Charlotte, NC (PRWEB) July 01, 2014
According to a recent article in Realty Today, real estate auctions have not only been a saving grace for private luxury homeowners through the recent recession, but have become a substantial segment of the residential real estate industry, growing “exponentially” to represent billions of dollars in home sales. Not a new concept, luxury property auctions have been popular worldwide. Celebrities and the very wealthy in the United States have been using auctions for decades. Luxury property owners who are seeking expediency and transparency in selling and buying a home are choosing auction more frequently. Most luxury real estate auction companies are reputable, however there are some that may mislead clients. Here are several things Grand Estates Auction Company CEO Val DeVine suggests you keep in mind when choosing a luxury property auction house.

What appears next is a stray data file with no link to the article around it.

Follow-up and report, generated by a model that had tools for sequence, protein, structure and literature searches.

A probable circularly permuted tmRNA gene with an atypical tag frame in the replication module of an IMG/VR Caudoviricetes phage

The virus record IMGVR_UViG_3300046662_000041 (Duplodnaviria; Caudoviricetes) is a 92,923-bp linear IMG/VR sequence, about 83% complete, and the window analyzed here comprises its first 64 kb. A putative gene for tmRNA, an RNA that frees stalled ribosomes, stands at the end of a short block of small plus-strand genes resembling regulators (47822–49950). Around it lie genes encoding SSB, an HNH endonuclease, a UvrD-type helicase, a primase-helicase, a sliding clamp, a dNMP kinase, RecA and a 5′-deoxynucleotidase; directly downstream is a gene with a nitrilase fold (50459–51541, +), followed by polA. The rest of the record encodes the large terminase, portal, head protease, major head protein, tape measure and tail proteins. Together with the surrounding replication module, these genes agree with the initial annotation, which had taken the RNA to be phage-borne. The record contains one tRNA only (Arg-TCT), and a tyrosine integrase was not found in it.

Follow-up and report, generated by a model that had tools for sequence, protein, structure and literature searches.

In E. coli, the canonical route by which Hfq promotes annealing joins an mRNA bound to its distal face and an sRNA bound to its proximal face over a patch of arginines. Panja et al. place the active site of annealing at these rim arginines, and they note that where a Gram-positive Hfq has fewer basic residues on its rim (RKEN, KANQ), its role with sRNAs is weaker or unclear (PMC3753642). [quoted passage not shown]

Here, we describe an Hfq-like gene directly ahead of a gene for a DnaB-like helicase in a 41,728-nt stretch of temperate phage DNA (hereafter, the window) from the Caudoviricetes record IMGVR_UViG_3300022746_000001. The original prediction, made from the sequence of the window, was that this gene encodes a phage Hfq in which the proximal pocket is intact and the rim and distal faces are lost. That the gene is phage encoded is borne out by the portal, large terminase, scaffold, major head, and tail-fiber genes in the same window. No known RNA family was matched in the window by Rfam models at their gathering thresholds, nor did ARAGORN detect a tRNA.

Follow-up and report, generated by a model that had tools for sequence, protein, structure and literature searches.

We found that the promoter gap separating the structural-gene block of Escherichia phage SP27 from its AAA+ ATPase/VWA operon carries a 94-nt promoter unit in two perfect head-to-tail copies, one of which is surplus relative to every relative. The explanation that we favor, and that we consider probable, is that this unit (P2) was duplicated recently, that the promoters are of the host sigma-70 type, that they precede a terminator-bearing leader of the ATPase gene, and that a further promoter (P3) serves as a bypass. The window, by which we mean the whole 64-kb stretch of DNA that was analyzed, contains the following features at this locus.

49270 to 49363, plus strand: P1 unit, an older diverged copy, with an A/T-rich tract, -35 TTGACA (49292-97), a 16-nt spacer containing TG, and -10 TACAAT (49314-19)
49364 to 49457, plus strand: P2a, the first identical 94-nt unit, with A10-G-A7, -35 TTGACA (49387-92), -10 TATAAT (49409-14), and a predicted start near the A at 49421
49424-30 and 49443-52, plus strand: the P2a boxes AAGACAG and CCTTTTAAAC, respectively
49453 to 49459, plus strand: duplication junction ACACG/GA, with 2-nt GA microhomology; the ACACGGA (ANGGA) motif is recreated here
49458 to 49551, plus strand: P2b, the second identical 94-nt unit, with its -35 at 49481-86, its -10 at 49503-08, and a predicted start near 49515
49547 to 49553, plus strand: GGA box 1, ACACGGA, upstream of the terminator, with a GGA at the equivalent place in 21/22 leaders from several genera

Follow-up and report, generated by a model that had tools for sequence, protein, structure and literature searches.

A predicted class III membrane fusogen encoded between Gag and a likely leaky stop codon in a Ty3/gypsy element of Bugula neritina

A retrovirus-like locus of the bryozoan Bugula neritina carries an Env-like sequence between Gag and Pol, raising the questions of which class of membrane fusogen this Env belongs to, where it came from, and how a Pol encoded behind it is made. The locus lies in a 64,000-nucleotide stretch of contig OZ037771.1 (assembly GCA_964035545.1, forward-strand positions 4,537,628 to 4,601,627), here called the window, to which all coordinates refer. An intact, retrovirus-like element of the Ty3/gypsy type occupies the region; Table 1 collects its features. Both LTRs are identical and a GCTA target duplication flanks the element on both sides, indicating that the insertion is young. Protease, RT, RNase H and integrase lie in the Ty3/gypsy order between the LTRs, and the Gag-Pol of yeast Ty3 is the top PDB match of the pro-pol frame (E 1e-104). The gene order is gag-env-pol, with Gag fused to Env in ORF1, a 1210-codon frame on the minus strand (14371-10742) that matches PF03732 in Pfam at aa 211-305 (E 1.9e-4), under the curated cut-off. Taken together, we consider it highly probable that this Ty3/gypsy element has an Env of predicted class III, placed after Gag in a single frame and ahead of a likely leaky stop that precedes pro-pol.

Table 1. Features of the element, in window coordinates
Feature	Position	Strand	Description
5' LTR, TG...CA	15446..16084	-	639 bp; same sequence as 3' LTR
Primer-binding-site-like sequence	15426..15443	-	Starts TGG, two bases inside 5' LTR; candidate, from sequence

Verify Personal Experience of Your Auction Representative
Of course you research the success rates of the auction houses, but you should also verify the personal experience of the staff participating in your auction. As the industry is growing, some companies are trying to accommodate that growth by hiring local real estate agents who may not have any auction experience. This is a huge mistake as the auction process utilizes an intensive marketing initiative in a concentrated period of time to generate excitement and interest. Auction professionals are not sales people who have the luxury of months or years to sell a property; they are closers who have a contract in 30 days. The same Realty Today article states, “There are very few people who are appropriately trained and specialized in the field, which still has an imbalanced realtor-to-auctioneer ratio.” Grand Estates Auction Company never hires local people to sell your house. “We will work in conjunction with your broker; however, we bring in our experienced salespeople who are road warriors and manage luxury real estate auctions week in and week out,” stated Val DeVine CEO of Grand Estates Auction Company. “They know auctions, they know how to market the properties, and every one of them has been doing it for years.” Bottom line: personal experience of your representative matters.
Beware of Professional Squatters